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The opening scenes show violence against the LGBT community and the question, “Is there another way?” We then meet seven Catholics who are identified simply by first name and who describe how they came to know their experiences of same-sex attraction (whatever that means). Almost immediately after this, the film turns toward emphasizing various negative experiences as causal mechanisms for homosexual orientation and they name a troubled home life, sexual trauma, an emotionally dependent friendship that became too close, a disconnect with a positive cisgender identity etc. etc. They DO NOT mention being seduced and/or abused by a Catholic priest or member of a Catholic order. Of all the people who describe their home lives and upbringings, only one person has anything positive to say about how he grew up. The other stories featured have many elements used by the ex-gay movement to justify “reparative therapy” in order to reorient a person’s sexual orientation from gay or lesbian to straight. While the film does not advocate such therapies directly, but anyone in the LGBT community who has survived abuses within the ex-gay world will likely find these stories troubling.

The only indication that gay people may not view their sexuality as being mainly for sexual desire cones with this statement, “You have to understand that for women especially it’s very often not so much a matter of strong physical attractions to one gender or the other gender. It’s a matter of how you emotionally interact with people.” This quote is the film’s only indication that gay people may not view their sexualities as being principally orientated towards a desire for sex, but rather how they relate to others.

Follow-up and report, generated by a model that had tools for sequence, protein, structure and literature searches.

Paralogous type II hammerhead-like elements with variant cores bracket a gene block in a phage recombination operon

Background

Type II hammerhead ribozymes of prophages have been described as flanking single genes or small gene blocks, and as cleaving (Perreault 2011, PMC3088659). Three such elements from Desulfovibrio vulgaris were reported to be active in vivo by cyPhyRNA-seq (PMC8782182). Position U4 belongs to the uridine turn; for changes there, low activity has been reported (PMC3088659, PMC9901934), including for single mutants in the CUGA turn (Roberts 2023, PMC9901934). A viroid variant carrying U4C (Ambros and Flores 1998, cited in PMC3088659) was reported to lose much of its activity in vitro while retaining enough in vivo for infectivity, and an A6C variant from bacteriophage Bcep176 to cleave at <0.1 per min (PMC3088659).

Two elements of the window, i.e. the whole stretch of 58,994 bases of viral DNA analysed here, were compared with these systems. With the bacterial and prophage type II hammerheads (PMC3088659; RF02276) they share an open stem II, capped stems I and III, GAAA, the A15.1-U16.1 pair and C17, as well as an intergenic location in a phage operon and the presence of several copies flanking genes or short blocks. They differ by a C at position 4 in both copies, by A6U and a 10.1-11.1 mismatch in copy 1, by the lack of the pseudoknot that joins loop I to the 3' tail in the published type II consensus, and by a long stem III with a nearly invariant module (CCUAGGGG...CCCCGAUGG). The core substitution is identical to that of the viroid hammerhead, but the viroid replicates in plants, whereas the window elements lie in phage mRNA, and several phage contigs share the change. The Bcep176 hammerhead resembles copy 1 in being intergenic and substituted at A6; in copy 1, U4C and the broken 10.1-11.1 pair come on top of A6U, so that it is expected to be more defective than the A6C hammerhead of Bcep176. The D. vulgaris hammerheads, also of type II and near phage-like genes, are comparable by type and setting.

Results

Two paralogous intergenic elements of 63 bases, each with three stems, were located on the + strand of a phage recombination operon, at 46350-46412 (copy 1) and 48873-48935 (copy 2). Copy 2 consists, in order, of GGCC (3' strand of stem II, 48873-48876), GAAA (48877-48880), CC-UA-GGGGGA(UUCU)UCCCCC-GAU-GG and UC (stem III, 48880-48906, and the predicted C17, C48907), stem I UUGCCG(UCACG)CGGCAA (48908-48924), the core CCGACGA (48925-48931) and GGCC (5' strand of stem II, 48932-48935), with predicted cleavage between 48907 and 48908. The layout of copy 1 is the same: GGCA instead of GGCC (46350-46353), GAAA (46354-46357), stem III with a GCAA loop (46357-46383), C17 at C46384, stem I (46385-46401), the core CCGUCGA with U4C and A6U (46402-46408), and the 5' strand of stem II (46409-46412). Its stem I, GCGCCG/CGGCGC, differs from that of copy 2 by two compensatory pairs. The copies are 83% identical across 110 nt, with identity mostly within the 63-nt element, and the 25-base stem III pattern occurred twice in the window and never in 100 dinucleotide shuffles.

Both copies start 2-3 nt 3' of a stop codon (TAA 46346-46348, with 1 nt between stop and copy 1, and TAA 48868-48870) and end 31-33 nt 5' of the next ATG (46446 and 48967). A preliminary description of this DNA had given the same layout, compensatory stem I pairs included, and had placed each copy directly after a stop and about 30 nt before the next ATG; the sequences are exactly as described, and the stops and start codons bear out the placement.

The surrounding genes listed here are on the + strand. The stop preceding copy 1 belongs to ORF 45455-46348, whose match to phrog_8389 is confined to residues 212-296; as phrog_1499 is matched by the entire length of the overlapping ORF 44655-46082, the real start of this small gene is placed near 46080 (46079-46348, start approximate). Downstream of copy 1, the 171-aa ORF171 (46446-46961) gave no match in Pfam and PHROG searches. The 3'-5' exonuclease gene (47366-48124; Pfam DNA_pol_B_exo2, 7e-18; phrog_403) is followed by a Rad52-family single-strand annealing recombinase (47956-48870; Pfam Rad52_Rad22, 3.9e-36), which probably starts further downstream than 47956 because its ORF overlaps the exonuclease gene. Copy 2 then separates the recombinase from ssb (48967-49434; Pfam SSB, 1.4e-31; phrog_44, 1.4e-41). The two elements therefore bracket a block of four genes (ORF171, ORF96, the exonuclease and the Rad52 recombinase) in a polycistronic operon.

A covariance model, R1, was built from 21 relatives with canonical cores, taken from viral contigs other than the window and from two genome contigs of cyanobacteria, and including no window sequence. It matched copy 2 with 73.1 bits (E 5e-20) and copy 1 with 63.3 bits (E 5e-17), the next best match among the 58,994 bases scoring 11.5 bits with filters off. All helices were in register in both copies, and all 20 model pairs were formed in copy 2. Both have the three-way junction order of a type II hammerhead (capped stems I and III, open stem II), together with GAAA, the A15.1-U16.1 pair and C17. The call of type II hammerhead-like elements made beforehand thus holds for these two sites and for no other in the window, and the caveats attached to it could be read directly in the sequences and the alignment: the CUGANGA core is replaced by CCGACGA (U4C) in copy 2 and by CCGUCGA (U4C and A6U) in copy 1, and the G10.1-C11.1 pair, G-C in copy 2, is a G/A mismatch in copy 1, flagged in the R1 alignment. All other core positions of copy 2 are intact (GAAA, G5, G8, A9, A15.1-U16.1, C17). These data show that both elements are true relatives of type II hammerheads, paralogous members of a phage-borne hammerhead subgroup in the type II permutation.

“The Third Way” does indeed look at bullying based upon someone’s sexual orientation and both celibate and non-celibate LGBT Christians will find commonality with the interviewees’ s and their stories of how they have been mistreated. Nearly all of them talk about the cruelty they experienced in school, among church members, or within their families. Returning to ex-gay rhetoric once again, the film then moves into discussing the emptiness of “the gay lifestyle.” This segment might have resonance with some celibate LGBT Christians, but will likely strike others as overly generalizing and relying on harmful stereotypes.

As the participants share their stories of living “the gay lifestyle,” the actors stand beneath a doorway reading “Out” contrasted against another doorway reading “In.” How disgusting. At about halfway through, the video shifts to the interviewees’ stories of why they became Catholic or became more fully committed to the Catholic Church. For a film based on Catholic experiences of spirituality, some of these stories have curious echoes of the American evangelical Protestant “and then I got saved” narrative. Celibate LGBT Christians may find the separation between one’s “gay life” and one’s “Christian life” as portrayed in the film distressing, particularly as ex-gay rhetoric continues to permeate this segment. However, Joseph has a contrasting story about his being able to talk through questions about sexual orientation with a spiritual director could be encouraging.